Counter-punishment in Public Good Games

Last registered on December 10, 2018


Trial Information

General Information

Counter-punishment in Public Good Games
Initial registration date
December 03, 2018

Initial registration date is when the trial was registered.

It corresponds to when the registration was submitted to the Registry to be reviewed for publication.

First published
December 10, 2018, 2:06 PM EST

First published corresponds to when the trial was first made public on the Registry after being reviewed.


Primary Investigator

Texas A&M

Other Primary Investigator(s)

Additional Trial Information

In development
Start date
End date
Secondary IDs
This is a replication of Nikiforakis, Nikos. "Punishment and counter-punishment in public good games: Can we really govern ourselves?." Journal of Public Economics 92, no. 1-2 (2008): 91-112.. In the original paper, they test whether a counter-punishment opportunity affects cooperation in the provision of public goods. We conduct a laboratory public good experiment considering only two of his treatment conditions; one without any punishment – the standard public good game which is also known as the voluntary contribution mechanism (VCM); and one with two-sided punishment – that is, a VCM followed by a stage of punishment and a stage of counter-punishment (PCP). We expect our results shed light on the directional effect of the counter-punishment opportunity in public good games and help us extend the study in future.
External Link(s)

Registration Citation

Eckel, Catherine. 2018. "Counter-punishment in Public Good Games." AEA RCT Registry. December 10.
Former Citation
Eckel, Catherine. 2018. "Counter-punishment in Public Good Games." AEA RCT Registry. December 10.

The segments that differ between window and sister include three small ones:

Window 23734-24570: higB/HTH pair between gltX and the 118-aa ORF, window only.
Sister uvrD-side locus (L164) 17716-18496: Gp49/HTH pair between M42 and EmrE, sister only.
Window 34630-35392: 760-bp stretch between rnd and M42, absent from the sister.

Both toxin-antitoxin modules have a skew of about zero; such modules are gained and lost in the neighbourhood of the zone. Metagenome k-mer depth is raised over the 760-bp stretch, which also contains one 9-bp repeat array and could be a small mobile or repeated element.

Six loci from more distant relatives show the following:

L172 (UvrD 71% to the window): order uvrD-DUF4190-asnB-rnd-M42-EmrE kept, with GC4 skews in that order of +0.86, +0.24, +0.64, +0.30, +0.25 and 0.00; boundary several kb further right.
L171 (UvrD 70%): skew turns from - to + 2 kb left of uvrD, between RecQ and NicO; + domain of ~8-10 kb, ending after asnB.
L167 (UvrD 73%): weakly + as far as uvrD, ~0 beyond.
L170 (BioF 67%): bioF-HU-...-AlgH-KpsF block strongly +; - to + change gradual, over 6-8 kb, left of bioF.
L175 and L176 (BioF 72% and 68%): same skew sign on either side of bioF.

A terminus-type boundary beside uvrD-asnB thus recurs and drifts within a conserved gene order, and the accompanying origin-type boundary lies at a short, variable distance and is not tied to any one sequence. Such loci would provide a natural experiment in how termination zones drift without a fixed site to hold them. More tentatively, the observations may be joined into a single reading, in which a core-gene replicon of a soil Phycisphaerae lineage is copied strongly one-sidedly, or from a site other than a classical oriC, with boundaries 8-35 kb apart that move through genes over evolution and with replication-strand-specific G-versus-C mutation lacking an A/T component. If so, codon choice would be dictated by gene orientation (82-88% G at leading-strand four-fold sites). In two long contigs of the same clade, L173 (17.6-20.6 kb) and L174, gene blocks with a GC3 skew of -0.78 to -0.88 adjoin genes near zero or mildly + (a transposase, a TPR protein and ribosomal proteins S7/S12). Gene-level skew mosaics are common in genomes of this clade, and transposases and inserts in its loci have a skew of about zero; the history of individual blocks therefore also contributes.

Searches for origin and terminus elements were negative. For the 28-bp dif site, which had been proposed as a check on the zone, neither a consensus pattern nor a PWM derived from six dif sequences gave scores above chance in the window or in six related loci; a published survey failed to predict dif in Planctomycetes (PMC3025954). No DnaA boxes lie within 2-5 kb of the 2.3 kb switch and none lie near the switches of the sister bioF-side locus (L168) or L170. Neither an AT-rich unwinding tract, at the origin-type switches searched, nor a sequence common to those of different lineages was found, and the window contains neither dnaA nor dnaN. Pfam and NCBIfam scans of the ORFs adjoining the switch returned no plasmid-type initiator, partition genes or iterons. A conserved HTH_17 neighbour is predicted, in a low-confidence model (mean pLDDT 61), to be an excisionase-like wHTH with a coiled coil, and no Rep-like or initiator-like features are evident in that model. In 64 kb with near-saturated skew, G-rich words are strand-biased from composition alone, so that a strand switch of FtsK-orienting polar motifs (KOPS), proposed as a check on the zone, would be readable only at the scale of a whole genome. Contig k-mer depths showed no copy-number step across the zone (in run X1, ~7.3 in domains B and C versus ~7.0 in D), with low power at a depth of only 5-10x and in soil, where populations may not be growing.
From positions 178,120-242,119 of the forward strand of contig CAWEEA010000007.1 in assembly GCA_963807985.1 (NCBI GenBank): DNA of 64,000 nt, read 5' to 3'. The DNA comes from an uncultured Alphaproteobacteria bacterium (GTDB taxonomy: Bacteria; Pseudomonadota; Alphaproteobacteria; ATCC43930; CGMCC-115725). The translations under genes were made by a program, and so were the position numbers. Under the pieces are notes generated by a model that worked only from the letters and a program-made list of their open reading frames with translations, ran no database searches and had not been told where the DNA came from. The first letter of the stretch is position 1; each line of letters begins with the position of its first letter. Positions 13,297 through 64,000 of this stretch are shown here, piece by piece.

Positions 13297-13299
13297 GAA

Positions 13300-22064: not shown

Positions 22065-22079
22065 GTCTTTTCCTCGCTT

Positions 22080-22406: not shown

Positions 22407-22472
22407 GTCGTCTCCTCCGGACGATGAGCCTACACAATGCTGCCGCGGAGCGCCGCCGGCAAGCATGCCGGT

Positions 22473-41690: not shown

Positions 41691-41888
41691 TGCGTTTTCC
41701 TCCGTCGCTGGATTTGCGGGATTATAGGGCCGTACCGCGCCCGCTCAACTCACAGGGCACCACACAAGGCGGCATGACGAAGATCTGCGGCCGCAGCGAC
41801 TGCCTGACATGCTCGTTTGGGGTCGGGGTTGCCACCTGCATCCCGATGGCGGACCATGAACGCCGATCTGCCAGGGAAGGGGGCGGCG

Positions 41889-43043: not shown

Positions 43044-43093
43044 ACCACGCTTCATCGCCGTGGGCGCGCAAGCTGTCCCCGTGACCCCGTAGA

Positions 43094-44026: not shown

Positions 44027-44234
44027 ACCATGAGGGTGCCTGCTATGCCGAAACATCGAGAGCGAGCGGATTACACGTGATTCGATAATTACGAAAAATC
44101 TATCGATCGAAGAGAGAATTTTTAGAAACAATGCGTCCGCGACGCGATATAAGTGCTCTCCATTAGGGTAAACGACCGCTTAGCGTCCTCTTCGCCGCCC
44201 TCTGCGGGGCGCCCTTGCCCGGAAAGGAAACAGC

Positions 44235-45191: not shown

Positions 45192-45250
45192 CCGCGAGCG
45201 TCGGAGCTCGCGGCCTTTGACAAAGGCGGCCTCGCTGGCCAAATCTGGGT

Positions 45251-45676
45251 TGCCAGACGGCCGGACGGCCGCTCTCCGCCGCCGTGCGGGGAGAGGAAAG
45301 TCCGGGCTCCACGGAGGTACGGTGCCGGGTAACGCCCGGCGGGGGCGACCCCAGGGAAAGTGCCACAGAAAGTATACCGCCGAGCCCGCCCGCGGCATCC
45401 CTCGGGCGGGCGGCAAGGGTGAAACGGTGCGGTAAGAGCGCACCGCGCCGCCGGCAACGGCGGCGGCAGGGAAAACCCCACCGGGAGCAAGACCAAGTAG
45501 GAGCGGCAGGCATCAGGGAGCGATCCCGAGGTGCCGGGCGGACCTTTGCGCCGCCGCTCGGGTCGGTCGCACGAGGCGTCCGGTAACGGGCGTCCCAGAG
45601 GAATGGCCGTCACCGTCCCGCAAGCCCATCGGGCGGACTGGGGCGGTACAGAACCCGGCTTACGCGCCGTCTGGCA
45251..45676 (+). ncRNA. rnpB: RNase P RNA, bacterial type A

Experimental Details


This is a lab experiment with a within-subjects design. We are replicating one of the treatment combinations -- the one that produces the key results -- from the original study. The original study has many additional control conditions, which we are not testing. Our replication consists of the control condition and the most extreme intervention included in the original study, and is conducted in a single order: Control then intervention, as described below. The original study tests for order effects, and we do not replicate that part of their study.

Subjects are randomly assigned into groups and play finitely repeated public good game for 20 periods: ten periods for the control condition followed by ten periods of the intervention. Groups are reformed each period randomly.

Subjects are randomly assigned into groups and will play the control game (the voluntary contribution mechanism (VCM)), and the treatment (counter-punishment (PCP)). We will compare the results of control and treatment interventions considering a within-subjects design.

The first intervention is the control condition is the the standard public good game, also known as the voluntary contribution mechanism (VCM), which has been conducted hundreds of times in many studies. In the game a subject is assigned to a group, and given an endowment. The endowment can be "kept" in personal earnings, or it can be "allocated" to a group account which is then used to produce the public good. The public good generates benefits (earnings) for all members of the group. The tension in this game is between individual maximizing behavior (keep all the endowment and free ride on others' allocations to the group account) and the social welfare (contribute all to the group account which maximizes total earnings of the group). This game is conducted for ten rounds.